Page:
The benefit of experience

A mentor is someone who shows by example and helps lead you along your personal or professional path. There have been many descriptions of Walter Cronkite lately, and a frequent one was mentor. Integrity, trust, respect, and industry knowledge all play a large part in being and becoming a mentor. In the last year there have been many letters and articles on the impact Bill O’Brien had on individuals and the industry. He was also a mentor.

According to, mentoring is a matter of trust. “Mentoring is a structured and trusting relationship” that brings younger people together with individuals who offer guidance, support, and encouragement aimed at developing their competence and character. “A mentor is an adult who, provides support, counsel, friendship, reinforcement, and constructive example. Mentors are good listeners, people who care, people who want to help young people bring out strengths that are already there.”
According to “Beyond the Myths and Magic of Mentoring” by Margo Murray, the concept of mentoring goes back to the Middle Ages and craft guilds. Professional societies were established to train the younger inexperienced worker by following the example of an older, experienced craftsman. It’s still a valid concept today, people still need to be trained, and it’s a low-cost strategy for developing a skilled work force.

Finding a good mentor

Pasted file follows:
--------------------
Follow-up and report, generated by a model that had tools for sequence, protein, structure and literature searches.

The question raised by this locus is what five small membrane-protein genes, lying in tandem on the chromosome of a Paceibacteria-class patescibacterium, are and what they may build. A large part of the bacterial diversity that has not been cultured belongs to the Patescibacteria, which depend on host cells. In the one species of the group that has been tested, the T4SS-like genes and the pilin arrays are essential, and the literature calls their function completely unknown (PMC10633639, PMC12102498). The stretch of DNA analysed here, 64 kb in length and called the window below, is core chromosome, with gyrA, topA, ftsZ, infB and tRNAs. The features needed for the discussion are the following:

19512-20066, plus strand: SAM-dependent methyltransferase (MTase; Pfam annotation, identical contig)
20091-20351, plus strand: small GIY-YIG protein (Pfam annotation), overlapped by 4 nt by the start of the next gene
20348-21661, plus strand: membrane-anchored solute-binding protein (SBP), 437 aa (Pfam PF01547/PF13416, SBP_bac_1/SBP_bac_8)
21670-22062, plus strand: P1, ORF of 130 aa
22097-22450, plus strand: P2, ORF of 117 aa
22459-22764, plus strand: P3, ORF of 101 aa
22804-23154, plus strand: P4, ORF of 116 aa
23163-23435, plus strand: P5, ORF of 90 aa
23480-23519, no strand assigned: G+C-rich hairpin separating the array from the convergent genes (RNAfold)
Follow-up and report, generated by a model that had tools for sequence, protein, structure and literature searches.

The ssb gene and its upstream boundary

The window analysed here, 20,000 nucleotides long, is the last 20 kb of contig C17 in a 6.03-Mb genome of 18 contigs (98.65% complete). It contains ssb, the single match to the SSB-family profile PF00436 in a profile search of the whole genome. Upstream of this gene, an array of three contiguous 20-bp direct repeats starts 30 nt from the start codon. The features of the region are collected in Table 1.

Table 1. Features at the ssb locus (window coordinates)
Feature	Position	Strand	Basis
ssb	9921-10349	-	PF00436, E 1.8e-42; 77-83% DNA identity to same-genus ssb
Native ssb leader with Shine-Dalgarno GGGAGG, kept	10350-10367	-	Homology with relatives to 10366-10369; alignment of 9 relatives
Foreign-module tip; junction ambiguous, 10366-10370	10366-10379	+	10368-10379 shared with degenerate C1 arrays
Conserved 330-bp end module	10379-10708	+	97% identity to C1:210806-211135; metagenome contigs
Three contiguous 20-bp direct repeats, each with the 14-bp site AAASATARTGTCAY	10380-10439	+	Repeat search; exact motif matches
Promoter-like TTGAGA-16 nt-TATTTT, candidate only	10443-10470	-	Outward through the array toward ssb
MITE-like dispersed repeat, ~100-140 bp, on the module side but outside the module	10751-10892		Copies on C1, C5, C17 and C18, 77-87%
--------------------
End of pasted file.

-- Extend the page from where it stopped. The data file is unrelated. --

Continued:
A good mentor will help improve another’s skills, personally or professionally, by increasing technical or problem-solving abilities. So where do you find one? Look around at your place of employment. Is there someone you admire, someone you look up to? Or, if you belong to a professional organization, there may be someone you see as a role model that you think would be helpful in your career advancement.

And what qualities should you look for? A good mentor should be professional, a good listener and negotiator, and knowledgeable about industry practices, regulations, and technology.

Approach the individual and ask if he or she would consider being your mentor. Depending on the individual, and your current relationship, your proposal will vary in the amount of detail and how it is delivered. At the very least, let the person know why you selected them and what you hope to accomplish. If appropriate for the specific individual, you can also discuss amounts of time to be committed and what you will contribute.

I talked to a few people in the industry to see what impact mentors have had on their careers.

According to Ken MacTiernan, his first mentor was a sergeant in the Air Force. MacTiernan has worked for American Airlines for 23 years and is on the board of directors for AMTSociety. “He was my first supervisor when I was 17 in the Air Force. He was a great guy, very professional. His way of keeping you up to speed was to ask questions, he wasn’t trying to trick you. He led by his appearance and actions.

“Another mentor was Bill O’Brien, he showed by example. He would ask if I ever finished my degree, he never pushed, but would keep asking, ‘Have you ever thought about getting inspection authorization license?’ I said I didn’t need it at American. He said, “You never know, and it looks good on the resume. MacTiernan is three units away from getting his associate’s degree and got his IA certification nine months ago and gives O’Brien the credit. “He mentored by being positive and never overbearing.”

Howard Fuller also credits Bill O’Brien as being a good mentor. Fuller is an A&P that founded Solatec Corp. in 1998; the company is based in Greenville, NH.

“I have had many mentors over the years,” Fuller says, “in pretty much all areas of civilian aviation. One that stands out head and shoulders above the rest, though, is Bill O’Brien.

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